The second line of defense stretched from Yorktown to Mulberry Island and was called the Warwick Line.  It consisted of more redoubts, rifle pits and strong fortifications by the river.  He built dams in order to pose a strong obstacle for the Union forces.  Finally, the third line was the use of a series of forts in Williamsburg, which were left unmanned so that the army could fall back on it if they had to from Yorktown (Sears, 70). His actions successfully delayed McClellan for weeks and earned him an enlightened seat in General Johnston’s eyes.  General McClellan was convinced that Magruder was stronger than he was and thus held back while general Johnston was able to bring in serious reinforcements for Magruder – though he still was unable to gain enough to defend his lines. However, it was not long before he fell from favor because he was not aggressive enough in battle and his drunkenness proved to be a problem.  He immediately was blacklisted in the eyes of Robert E. Lee, and reassigned elsewhere (Cutrer).

Battle of Yorktown

Further Reading

Cadorph, Paul D. Prince John Magruder: His Life and Campaigns. New York: John Wiley & sons, 1996.

Cutrer, Thomas W. Magruder, John Bankhead. Handbook of Texas Online. http://www.tshaonline.org/handbook/online/articles/fma15 (accessed March 10, 2012).

Eicher, John H. and David J. Eicher. Civil War High Commands. New York: Stanford University Press, 2001.

Latimer, Jon. Deception in War. London: John Murray, 2001.

Sears, Stephen W. To the Gates of Richmond: The Peninsula Campaign. Boston: Houghton Mifflin Company, 2001.

Settles, Thomas M. John Bankhead Magruder: A Military Reappraisal. Baton Rouge: Louisiana State University Press, 2009.

Warner, Erza J. Generals in Gray. Baton Rouge: Louisiana State University Press, 1959.

Photo Credits

“John B. Magruder,” National Park Service, www.nps.gov (accessed May 2, 2012).

“Plan of the Battle of Yorktown,” U.S. History Images: Battle of Yorktown, www.ushistoryimages.com (accessed May 2, 2012).

“Battle of Yorktown,” U.S. History Images: Battle of Yorktown, www.ushistoryimages.com (accessed May 2, 2012).

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Department of Historic Resources– This marker has since been removed due to construction.

Battle of Williamsburg W-43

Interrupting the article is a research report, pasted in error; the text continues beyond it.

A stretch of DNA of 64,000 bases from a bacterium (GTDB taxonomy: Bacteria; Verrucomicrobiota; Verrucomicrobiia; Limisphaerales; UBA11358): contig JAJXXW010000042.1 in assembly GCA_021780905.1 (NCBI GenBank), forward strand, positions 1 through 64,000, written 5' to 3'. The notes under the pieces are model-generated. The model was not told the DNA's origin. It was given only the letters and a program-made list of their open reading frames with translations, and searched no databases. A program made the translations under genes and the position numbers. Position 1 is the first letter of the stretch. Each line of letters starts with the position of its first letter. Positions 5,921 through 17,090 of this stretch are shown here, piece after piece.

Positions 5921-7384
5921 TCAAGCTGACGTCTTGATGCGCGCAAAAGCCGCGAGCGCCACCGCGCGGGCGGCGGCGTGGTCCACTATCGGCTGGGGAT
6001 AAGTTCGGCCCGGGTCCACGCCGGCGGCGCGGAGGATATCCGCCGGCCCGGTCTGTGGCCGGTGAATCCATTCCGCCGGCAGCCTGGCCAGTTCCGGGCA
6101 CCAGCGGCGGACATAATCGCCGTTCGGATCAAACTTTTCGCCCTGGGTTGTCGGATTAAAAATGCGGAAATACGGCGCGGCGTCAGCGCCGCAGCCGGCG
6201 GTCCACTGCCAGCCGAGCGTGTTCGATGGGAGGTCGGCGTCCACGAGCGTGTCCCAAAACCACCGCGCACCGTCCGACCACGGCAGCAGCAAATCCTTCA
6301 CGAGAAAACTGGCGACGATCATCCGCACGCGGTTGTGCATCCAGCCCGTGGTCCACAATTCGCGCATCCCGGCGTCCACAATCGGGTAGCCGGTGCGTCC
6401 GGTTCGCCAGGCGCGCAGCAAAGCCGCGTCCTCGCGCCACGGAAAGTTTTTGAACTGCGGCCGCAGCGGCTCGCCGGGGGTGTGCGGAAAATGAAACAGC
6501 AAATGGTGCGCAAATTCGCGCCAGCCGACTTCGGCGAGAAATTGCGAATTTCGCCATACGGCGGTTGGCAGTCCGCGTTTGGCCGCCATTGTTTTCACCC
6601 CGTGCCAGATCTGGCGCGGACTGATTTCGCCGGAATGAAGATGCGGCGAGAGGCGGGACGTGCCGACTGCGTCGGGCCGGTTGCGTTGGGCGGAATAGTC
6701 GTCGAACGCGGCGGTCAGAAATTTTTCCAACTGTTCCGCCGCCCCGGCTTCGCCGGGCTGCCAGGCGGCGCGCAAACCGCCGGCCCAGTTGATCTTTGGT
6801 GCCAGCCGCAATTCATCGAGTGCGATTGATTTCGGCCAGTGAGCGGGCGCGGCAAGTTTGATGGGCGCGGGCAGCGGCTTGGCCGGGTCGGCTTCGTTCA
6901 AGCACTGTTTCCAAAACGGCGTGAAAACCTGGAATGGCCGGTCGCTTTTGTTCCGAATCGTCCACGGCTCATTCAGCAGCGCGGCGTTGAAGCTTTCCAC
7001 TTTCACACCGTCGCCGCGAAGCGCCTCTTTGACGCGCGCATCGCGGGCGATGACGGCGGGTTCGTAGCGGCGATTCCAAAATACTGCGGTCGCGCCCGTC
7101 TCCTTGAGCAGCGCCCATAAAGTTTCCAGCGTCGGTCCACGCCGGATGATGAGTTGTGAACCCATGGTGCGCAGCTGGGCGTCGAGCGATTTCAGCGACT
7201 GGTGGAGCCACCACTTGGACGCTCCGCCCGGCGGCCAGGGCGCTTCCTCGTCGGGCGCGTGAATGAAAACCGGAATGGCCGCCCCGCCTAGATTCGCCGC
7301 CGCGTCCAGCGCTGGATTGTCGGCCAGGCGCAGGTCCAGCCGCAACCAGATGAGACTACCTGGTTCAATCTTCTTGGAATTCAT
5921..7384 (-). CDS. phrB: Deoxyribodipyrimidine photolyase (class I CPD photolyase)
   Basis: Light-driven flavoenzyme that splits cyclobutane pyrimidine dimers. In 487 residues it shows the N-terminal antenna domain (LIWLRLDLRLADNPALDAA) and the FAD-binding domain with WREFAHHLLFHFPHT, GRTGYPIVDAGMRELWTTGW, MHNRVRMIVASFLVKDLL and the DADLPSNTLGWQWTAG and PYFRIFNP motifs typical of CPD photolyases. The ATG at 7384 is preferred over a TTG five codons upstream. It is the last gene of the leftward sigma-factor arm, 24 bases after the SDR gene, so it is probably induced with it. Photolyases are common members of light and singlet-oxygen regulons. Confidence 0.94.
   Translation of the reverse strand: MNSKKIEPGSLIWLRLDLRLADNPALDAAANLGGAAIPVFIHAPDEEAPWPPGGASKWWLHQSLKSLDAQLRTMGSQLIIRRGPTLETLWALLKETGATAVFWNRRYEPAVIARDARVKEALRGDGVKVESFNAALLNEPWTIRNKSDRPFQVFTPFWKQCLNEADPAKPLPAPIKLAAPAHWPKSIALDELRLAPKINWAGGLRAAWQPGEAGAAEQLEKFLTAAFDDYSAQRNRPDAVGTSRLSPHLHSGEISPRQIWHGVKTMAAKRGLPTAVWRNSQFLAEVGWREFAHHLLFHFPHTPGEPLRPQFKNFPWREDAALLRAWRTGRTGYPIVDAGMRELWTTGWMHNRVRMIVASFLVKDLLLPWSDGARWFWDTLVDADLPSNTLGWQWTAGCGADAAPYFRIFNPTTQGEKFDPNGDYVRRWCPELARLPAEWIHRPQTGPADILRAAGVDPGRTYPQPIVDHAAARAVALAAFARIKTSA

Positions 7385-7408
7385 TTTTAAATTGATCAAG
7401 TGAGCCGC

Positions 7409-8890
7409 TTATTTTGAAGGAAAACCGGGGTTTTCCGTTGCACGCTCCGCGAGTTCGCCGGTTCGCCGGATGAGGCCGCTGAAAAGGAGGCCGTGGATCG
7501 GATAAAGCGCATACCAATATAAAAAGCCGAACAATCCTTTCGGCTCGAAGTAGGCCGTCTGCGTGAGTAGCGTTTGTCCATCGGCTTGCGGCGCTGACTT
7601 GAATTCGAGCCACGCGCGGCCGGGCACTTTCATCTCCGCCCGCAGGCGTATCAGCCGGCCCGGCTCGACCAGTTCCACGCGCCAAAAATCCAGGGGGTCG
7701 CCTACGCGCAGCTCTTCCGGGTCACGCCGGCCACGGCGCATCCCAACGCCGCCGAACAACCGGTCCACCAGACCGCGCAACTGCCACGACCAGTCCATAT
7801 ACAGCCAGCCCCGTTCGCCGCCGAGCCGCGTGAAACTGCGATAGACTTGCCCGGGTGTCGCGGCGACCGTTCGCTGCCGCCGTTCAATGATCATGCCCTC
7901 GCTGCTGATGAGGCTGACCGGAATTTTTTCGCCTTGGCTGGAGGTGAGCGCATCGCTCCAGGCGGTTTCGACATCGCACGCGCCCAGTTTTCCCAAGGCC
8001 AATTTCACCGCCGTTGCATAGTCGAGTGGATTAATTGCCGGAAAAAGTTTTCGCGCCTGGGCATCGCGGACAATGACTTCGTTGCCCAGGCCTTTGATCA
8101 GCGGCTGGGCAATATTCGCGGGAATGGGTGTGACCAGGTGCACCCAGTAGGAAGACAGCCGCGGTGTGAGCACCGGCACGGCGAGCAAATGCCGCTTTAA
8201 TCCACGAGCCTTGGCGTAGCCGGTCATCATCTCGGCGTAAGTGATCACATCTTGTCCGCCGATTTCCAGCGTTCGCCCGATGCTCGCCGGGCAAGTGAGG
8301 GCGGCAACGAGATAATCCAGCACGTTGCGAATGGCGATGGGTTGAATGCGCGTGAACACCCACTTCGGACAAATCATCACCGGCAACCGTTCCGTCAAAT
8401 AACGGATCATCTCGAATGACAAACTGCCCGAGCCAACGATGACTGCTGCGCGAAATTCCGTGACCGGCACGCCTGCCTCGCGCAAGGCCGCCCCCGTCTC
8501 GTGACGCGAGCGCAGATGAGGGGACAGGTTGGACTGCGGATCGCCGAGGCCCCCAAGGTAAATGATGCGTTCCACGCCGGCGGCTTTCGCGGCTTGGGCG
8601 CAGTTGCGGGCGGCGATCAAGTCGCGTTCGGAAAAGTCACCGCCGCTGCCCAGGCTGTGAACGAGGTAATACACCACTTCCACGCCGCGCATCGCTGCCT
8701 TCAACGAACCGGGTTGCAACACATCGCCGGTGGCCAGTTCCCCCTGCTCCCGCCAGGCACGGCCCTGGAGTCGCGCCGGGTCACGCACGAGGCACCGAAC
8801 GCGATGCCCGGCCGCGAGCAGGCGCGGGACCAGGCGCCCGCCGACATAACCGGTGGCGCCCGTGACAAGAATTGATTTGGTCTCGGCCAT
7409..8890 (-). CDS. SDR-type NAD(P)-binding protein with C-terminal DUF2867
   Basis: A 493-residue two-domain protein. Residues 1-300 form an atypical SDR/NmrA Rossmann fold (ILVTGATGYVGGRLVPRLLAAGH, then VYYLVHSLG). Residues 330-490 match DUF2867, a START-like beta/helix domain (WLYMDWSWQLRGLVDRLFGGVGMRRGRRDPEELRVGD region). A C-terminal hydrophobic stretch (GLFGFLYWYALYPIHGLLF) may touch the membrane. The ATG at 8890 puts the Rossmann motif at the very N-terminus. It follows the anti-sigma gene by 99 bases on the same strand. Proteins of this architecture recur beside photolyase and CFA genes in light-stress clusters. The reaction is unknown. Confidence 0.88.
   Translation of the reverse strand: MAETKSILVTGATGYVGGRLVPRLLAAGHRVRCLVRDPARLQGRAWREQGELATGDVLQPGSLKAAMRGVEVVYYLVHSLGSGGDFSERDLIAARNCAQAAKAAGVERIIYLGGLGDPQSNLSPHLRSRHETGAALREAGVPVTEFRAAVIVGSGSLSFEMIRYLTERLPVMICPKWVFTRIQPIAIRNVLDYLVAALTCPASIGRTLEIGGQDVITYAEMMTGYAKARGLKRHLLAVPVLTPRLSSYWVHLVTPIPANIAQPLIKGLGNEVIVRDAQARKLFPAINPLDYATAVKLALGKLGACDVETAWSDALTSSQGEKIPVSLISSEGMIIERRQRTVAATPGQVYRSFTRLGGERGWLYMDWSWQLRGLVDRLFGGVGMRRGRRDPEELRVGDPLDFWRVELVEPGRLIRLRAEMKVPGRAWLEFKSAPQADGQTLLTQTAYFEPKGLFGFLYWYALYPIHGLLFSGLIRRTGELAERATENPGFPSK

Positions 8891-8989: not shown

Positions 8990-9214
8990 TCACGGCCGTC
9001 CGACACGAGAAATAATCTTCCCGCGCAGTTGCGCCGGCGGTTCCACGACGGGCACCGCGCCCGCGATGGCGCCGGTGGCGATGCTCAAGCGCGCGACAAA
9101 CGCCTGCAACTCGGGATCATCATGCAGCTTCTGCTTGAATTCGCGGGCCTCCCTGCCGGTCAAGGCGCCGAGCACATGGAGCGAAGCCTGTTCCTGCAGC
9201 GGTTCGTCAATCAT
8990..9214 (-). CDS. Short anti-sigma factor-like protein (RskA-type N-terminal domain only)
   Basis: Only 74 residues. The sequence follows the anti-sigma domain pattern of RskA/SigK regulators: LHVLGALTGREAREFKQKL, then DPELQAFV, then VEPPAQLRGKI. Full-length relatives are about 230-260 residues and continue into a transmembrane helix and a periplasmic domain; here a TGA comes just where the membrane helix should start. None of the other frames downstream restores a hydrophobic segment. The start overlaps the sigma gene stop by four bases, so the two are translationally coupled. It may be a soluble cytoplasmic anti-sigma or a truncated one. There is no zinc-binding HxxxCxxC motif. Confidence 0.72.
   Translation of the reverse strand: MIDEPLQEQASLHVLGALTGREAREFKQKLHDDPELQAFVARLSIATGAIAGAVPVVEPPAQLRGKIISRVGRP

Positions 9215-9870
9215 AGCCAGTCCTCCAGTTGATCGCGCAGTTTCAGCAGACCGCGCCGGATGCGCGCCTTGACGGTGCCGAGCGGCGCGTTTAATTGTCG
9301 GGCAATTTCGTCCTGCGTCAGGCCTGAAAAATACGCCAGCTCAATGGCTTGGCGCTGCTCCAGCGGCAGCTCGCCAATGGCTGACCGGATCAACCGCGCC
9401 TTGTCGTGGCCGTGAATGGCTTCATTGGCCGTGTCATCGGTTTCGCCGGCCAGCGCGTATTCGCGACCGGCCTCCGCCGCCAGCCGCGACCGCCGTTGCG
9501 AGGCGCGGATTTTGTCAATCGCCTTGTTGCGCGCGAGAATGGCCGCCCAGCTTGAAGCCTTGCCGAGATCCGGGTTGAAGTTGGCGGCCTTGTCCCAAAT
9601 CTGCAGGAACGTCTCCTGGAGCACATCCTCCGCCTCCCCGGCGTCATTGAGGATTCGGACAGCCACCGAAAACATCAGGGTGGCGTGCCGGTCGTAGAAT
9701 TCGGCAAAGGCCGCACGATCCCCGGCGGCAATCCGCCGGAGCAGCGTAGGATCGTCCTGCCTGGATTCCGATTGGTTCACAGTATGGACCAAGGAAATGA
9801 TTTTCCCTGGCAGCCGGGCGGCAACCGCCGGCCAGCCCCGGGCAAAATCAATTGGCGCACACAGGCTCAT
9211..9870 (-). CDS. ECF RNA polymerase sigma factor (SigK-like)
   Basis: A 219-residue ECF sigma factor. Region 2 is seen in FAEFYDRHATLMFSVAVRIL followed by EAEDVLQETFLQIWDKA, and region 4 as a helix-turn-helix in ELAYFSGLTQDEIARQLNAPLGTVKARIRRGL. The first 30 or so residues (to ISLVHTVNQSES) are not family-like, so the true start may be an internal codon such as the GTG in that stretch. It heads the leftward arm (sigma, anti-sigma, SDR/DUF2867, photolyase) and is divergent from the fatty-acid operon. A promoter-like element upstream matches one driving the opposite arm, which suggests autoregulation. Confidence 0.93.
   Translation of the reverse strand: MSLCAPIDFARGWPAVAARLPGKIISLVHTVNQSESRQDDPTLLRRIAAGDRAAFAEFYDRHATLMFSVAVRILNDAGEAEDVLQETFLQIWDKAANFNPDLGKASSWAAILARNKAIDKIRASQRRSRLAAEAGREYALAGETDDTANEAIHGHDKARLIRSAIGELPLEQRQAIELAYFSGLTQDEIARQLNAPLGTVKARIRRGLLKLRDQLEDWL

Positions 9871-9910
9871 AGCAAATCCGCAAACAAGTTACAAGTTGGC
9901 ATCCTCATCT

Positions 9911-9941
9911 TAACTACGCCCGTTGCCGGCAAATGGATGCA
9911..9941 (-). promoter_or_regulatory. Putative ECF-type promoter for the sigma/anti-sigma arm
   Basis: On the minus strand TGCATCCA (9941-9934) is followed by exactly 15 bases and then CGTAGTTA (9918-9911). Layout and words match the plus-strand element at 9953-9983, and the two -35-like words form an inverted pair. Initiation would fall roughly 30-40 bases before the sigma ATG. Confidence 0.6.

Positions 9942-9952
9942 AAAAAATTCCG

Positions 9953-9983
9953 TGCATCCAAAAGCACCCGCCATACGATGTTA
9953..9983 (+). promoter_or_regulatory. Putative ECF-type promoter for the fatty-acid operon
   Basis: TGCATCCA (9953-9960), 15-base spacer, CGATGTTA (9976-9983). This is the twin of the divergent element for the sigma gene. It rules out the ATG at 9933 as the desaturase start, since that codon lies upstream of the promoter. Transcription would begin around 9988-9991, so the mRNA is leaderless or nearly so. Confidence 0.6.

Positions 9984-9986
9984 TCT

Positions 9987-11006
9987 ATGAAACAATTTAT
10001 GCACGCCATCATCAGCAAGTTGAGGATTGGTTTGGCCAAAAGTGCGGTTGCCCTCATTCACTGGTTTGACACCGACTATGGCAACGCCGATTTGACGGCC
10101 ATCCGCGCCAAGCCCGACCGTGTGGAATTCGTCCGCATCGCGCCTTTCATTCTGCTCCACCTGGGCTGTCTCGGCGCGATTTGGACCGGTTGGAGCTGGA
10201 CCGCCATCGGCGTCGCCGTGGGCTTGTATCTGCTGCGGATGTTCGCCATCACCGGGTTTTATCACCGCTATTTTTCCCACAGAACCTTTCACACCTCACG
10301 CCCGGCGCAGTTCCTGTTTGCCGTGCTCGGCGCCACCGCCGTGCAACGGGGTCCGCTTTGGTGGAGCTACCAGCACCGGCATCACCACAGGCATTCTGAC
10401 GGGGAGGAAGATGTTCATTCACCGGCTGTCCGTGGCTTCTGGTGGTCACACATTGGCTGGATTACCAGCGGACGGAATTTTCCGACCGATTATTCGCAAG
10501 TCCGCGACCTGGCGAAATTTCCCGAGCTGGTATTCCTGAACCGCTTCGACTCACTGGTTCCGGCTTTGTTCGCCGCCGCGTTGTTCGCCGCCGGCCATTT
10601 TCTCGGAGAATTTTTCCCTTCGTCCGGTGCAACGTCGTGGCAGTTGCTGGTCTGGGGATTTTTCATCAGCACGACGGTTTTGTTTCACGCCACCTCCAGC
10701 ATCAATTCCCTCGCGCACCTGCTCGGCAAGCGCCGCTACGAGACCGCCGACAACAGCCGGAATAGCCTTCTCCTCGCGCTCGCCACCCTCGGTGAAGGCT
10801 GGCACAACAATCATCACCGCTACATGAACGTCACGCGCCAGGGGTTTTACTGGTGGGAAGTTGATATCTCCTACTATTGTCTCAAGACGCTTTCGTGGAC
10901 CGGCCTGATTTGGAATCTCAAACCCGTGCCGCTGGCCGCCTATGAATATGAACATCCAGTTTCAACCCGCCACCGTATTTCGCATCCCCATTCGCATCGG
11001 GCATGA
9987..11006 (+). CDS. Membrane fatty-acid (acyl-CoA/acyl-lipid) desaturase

Tuesday, March 20th, 2012

Inscription:

To the east of the road here, centering at Fort Magruder, was fought the battle of Williamsburg on May 5, 1862. The Union General McClellan was pursuing General Johnston’s retiring army. The rearguard of which was commanded by General Longstreet. Johnston ordered Longstreet to hold off McClellan’s attacking forces until the confederate wagon trains, bogged down in mud, were out of danger. This mission was accomplished and Johnston continued his retirement.

Further Research

The Battle of Williamsburg Map

The Battle of Williamsburg, also known as the Battle of Fort Magruder, was one of the largest battlefield encounters between Union and Confederate forces during McClellan’s famous Peninsula Campaign.  After having been delayed for around a month at the Yorktown defenses, General McClellan moved his troops in hot pursuit of Johnston and his fellow Confederate soldiers, who had started to retreat for more defensible positions closer to Richmond (Rickard).  At Williamsburg, Confederate soldiers aimed to hold up parts of the defense line simply to hinder the Union forces advancement into Richmond.

The Battle of Williamsburg

Confederate forces had positioned themselves in front of For Magruder, which served as their key point during the battle.  Because of muddy conditions, the Confederate retreat was hindered and thus James Longstreet had to hold the line at Williamsburg while fellow forces moved towards Etham’s landing.  General Sumner and General William F. Smith launched the first assault on Confederate lines on May 4th; but this had to be abandoned because of the woodland between the two forces that hindered them.  The next day, however, General Hooker started the battle facing Fort Magruder, which continued most of the day (civalwar).  The fighting was tremendous and eventually General Winfield S. Hancock was able to push back the Confederate forces with heavy losses.

Battle of Williamsburg--Gen. Hancock's charge, May 5, 1862

McClellan decided that Hancock’s actions were “brilliant” and that this battle was a superior victory for the Union forces – while this fact may be slightly skewed.  Both sides had gained something from this battle in that the Union perceived it as having pushed the Confederates from a defensive line with seriously outnumbered odds.  The Confederates saw the battle as a success because it was seen that General Longstreet had successfully held off Union attack and allowed for the Confederates to withdraw with precious supplies (Rickard).

Further Reading

Civil War Trust. The Battle of Willamsburg. http://www.civilwar.org/battlefields/williamsburg.html (accessed March 9, 2012)

Rickard, J. Battle of Williamsburg, 5 May 1862. http://www.historyofwar.org/articles/battles_williamsburg.html (accessed March 9, 2012)

Salmon, John S. The Official Virginia Civil War Battlefield Guide. Harrisburg: Stackpole Books, 2001.

Sears, Stephen W. To the Gates of Richmond: The Peninsula Campaign. Boston: Houghton Mifflin Company, 2001.

Photo Credits

Historical Marker “Battle of Williamsburg W-43,” courtesy of Lindsey Smith, 2012.

“Battle of Williamsburg Map,” Civil War Trust: Maps of Williamsburg, Virginia, www.civilwar.org (accessed May 2, 2012).

“The Battle of Williamsburg,” Library of Congress, www.loc.gov (accessed May 2, 2012).

“Battle of Williamsburg- Gen. Hancock’s Charge,” Library of Congress, www.loc.goc (accessed May 2, 2012).